Getting the optimal level of milk production from feed inputs is a goal of nearly every dairy producer. During the December Hoard’s Dairyman webinar, Bill Weiss from The Ohio State University talked about ration management during the transition period in “Feeding cows to reach their peak.”
When analyzing the data from 12 studies and 26 comparisons, Weiss summarized, “Twelve percent protein for the prefresh diet is enough.” Overfeeding protein is not necessary and is definitely expensive. Higher protein diets fed to the prefresh group yielded the same production levels as those fed at the 12 percent level.
First-lactation females are a different story, though. “They need 15 percent crude protein (CP) because they have a high demand for growth,” continued Weiss. “If first-lactation cows are grouped with older cows, those mixed groups should be at 13 to 14 percent protein. For starch levels, aim for 15 percent.”
When facilities and labor allow, Weiss recommends focusing on the fresh cow – where cows would be grouped and fed a fresh cow diet for just three to four weeks after calving. This way, they can receive additional nutrients during this important time frame. However, this will be an expensive diet, so he recommends it only be used for the first three to four weeks. In addition, provide more than adequate space so cows are not overcrowded. This additional grouping strategy will increase the number of pen moves during lactation, which we often try to minimize, but Weiss believes the additional time and expense in this fresh pen will pay long-term dividends.
The fresh pen diet would concentrate on meeting the carbohydrate, fat, and protein/amino acid needs of the lactating cow. This would include starch at 25 percent and forage neutral detergent fiber (fNDF) at 20 percent. “If you are feeding additional fat, lower the starch level to 20 percent,” he advised. The cow would also receive all the required minerals and vitamins, but with a boost of potassium and the addition of rumen-protected choline. Again, these changes will drive up feed costs, but fewer cases of mastitis and metritis are expected with these additions.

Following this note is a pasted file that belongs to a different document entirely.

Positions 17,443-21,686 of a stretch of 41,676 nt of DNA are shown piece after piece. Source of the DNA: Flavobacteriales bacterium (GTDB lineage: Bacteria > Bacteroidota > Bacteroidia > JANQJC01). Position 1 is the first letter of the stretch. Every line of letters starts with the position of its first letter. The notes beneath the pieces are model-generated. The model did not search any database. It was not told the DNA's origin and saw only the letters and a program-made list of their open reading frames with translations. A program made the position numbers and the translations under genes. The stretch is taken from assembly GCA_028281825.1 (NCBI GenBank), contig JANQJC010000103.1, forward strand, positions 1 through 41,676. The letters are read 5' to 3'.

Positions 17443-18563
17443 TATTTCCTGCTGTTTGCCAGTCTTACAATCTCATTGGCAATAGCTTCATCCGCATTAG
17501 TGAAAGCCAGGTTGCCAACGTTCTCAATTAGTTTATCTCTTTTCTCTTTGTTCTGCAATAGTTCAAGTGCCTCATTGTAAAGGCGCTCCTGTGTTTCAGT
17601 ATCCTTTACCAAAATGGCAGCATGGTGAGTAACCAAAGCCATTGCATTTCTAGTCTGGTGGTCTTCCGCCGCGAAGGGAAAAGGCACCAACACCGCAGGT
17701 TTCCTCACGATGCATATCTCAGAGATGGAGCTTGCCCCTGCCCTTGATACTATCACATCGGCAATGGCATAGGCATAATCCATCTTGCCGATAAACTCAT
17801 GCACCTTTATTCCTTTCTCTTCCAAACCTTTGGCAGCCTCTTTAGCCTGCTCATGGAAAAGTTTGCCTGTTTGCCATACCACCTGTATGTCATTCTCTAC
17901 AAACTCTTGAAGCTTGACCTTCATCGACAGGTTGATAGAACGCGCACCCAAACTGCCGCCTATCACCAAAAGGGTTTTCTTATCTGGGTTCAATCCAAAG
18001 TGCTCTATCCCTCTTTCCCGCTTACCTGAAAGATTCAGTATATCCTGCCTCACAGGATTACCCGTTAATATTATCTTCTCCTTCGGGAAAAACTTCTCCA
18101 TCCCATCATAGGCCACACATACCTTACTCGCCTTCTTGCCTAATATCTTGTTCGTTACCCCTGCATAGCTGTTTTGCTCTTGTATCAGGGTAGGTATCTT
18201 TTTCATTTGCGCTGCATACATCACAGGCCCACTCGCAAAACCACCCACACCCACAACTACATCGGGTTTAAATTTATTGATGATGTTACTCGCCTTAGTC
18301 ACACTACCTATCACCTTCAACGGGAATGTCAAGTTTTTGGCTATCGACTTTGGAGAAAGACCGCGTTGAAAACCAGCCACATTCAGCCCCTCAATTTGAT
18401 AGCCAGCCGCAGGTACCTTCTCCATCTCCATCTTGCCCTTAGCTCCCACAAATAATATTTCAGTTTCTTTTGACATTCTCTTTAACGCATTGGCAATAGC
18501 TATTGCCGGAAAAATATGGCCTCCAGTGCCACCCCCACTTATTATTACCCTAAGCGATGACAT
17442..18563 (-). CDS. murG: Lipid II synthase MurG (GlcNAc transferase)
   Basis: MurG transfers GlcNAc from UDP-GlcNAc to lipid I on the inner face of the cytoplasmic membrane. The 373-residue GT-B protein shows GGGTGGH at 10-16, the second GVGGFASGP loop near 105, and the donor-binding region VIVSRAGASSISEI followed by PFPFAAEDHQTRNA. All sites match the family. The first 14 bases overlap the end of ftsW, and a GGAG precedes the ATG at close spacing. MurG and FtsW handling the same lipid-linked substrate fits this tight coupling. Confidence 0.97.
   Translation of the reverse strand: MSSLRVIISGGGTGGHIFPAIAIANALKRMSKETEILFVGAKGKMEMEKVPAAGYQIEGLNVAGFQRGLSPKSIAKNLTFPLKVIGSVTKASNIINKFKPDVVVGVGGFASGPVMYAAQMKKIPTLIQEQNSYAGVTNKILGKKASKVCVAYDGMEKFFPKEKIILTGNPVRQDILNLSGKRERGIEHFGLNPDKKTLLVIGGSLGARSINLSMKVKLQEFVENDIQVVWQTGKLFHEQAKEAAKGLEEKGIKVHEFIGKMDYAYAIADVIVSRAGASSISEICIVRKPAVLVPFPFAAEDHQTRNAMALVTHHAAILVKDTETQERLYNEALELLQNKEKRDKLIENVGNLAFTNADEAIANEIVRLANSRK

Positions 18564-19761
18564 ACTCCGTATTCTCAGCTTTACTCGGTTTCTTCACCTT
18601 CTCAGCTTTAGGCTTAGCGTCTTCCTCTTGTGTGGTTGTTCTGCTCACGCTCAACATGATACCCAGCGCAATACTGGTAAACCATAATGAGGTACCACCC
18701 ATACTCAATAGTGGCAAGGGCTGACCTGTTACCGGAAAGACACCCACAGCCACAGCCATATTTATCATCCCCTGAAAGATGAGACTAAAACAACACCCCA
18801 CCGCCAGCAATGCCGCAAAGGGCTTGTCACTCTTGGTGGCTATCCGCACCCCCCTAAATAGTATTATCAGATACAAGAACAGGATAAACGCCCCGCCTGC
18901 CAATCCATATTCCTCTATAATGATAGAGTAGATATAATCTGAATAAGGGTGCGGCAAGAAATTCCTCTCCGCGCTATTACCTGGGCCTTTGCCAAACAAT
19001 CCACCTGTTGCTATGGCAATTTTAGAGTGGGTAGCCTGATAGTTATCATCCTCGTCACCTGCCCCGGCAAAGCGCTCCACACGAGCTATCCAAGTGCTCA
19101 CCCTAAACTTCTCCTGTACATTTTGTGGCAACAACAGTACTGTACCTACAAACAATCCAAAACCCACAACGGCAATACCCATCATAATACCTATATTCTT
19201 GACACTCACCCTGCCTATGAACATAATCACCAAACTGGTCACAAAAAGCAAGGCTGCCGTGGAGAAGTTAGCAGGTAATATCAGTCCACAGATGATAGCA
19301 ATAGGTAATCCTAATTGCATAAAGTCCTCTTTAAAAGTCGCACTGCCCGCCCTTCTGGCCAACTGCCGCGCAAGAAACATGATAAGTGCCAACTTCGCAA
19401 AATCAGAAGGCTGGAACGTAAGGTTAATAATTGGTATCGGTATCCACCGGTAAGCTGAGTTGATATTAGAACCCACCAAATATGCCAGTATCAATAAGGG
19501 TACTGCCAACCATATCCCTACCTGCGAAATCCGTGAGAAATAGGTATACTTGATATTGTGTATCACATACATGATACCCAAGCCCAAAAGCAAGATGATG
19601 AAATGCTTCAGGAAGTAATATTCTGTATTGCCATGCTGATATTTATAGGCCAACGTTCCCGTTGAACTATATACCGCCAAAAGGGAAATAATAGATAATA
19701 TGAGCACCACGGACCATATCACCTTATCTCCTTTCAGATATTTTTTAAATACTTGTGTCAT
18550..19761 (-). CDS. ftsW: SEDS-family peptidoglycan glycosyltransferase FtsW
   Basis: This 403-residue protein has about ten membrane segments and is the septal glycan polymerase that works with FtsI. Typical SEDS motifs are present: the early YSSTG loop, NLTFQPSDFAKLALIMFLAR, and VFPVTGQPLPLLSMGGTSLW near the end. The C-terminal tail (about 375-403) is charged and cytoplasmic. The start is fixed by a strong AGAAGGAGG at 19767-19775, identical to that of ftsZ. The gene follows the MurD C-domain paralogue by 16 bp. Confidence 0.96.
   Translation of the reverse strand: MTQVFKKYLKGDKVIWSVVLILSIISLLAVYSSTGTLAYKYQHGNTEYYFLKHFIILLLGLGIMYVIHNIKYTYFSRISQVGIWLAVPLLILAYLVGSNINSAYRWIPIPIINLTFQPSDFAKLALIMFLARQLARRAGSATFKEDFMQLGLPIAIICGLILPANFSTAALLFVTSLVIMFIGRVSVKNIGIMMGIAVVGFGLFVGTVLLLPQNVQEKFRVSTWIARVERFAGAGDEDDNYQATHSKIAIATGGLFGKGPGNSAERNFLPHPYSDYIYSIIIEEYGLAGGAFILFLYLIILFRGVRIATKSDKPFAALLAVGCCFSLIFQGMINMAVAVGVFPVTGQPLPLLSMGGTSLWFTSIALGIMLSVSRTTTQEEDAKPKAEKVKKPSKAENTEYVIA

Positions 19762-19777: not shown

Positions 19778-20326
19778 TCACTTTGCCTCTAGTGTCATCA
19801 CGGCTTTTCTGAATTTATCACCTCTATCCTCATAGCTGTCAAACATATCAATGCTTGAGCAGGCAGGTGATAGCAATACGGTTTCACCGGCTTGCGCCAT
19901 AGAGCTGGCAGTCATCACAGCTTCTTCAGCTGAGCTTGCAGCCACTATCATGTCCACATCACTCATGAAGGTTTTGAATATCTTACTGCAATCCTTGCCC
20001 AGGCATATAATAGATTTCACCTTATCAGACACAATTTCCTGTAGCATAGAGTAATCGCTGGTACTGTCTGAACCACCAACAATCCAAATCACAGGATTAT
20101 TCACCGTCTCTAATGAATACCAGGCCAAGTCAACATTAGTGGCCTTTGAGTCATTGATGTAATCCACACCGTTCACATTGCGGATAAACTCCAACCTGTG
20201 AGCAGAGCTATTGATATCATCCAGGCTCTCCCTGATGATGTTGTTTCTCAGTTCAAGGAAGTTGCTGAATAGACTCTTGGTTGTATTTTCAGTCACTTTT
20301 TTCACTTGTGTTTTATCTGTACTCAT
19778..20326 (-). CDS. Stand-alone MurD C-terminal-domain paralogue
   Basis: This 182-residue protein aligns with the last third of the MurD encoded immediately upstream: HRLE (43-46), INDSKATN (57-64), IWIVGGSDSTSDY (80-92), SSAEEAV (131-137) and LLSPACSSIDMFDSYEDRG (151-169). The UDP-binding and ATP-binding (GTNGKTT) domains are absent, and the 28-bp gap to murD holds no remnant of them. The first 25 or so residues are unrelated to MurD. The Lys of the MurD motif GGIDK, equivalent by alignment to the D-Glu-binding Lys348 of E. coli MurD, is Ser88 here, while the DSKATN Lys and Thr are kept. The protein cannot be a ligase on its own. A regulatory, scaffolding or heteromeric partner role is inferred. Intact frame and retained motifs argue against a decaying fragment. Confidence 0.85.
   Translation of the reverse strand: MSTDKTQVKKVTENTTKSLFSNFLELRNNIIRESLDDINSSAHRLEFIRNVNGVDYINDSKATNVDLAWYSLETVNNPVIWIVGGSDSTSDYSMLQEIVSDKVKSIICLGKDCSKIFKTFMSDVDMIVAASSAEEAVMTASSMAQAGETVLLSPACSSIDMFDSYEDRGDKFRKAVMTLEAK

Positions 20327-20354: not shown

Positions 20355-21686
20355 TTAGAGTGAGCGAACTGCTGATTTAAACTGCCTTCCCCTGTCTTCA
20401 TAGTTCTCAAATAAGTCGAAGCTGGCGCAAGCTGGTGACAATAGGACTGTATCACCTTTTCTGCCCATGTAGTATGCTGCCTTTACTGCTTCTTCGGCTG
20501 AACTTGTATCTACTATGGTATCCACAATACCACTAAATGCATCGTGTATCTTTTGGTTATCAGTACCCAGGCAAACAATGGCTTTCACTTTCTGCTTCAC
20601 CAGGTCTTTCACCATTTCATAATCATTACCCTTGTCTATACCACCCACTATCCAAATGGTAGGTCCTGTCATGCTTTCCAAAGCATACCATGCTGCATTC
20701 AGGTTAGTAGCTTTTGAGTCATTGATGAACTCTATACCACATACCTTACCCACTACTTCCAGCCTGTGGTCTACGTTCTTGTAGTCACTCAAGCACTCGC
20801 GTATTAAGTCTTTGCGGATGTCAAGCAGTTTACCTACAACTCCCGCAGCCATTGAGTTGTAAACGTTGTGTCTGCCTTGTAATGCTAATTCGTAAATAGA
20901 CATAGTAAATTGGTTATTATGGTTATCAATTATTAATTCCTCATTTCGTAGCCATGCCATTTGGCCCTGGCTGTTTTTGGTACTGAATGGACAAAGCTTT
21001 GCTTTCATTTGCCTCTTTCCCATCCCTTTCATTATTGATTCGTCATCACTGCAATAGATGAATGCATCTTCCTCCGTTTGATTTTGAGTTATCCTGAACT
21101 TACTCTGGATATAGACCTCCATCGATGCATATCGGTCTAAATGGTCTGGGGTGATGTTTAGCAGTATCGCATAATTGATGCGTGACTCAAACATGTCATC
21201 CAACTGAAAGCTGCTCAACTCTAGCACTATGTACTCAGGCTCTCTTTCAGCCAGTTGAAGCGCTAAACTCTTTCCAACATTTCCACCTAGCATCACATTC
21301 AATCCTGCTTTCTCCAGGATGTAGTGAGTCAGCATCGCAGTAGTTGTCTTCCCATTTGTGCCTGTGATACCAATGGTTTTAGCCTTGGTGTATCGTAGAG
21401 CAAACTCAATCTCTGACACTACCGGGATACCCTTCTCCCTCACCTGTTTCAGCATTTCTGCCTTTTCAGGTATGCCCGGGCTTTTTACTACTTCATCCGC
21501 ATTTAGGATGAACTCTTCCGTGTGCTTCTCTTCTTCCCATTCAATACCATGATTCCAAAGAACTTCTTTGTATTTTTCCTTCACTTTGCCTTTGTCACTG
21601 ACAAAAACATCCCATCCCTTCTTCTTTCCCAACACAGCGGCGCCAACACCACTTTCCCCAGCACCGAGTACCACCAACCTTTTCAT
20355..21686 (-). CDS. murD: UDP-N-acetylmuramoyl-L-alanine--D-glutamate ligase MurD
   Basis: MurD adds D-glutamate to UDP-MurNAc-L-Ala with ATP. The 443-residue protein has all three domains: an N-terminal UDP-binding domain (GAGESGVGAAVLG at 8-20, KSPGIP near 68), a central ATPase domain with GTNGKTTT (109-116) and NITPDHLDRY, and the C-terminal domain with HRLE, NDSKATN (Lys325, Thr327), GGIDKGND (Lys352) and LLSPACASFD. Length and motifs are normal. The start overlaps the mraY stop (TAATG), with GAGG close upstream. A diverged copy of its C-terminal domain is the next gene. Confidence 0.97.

Because high crude protein improved dry matter intake (DMI) and digestibility, the result was higher milk production. This strategy was not accompanied by more ketosis incidents.
While there has been quite a bit of studies in this area, Weiss concluded that he wished there were more studies that followed cows farther into lactation rather than the shorter window that many trials utilize. The results could provide insight into longer term impacts of the ration during the transition period. To dig deeper into this topic, Weiss reviews the rations’ makeup and discusses the results of several studies. Those insights can be found in the archived webinar which was sponsored by QLF.
The author is the online media manager and is responsible for the website, webinars, and social media. A graduate of Modesto Junior College and Fresno State, she was raised on a California dairy and frequently blogs on youth programs and consumer issues.
Join us next month:Mark Stephenson, director of dairy policy analysis at the University of Wisconsin, will present “The dairy situation and outlook for 2020” on Monday, January 13, at noon (Central time).
Stephenson says the current forecast for 2020 is for a basically sunny year, but there’s a low-pressure system forming that may dampen the forecast toward the end of the year. Join us to learn more.
Register at www.hoards.com/webinars.
The sponsor of the January webinar is Zinpro Performance Minerals.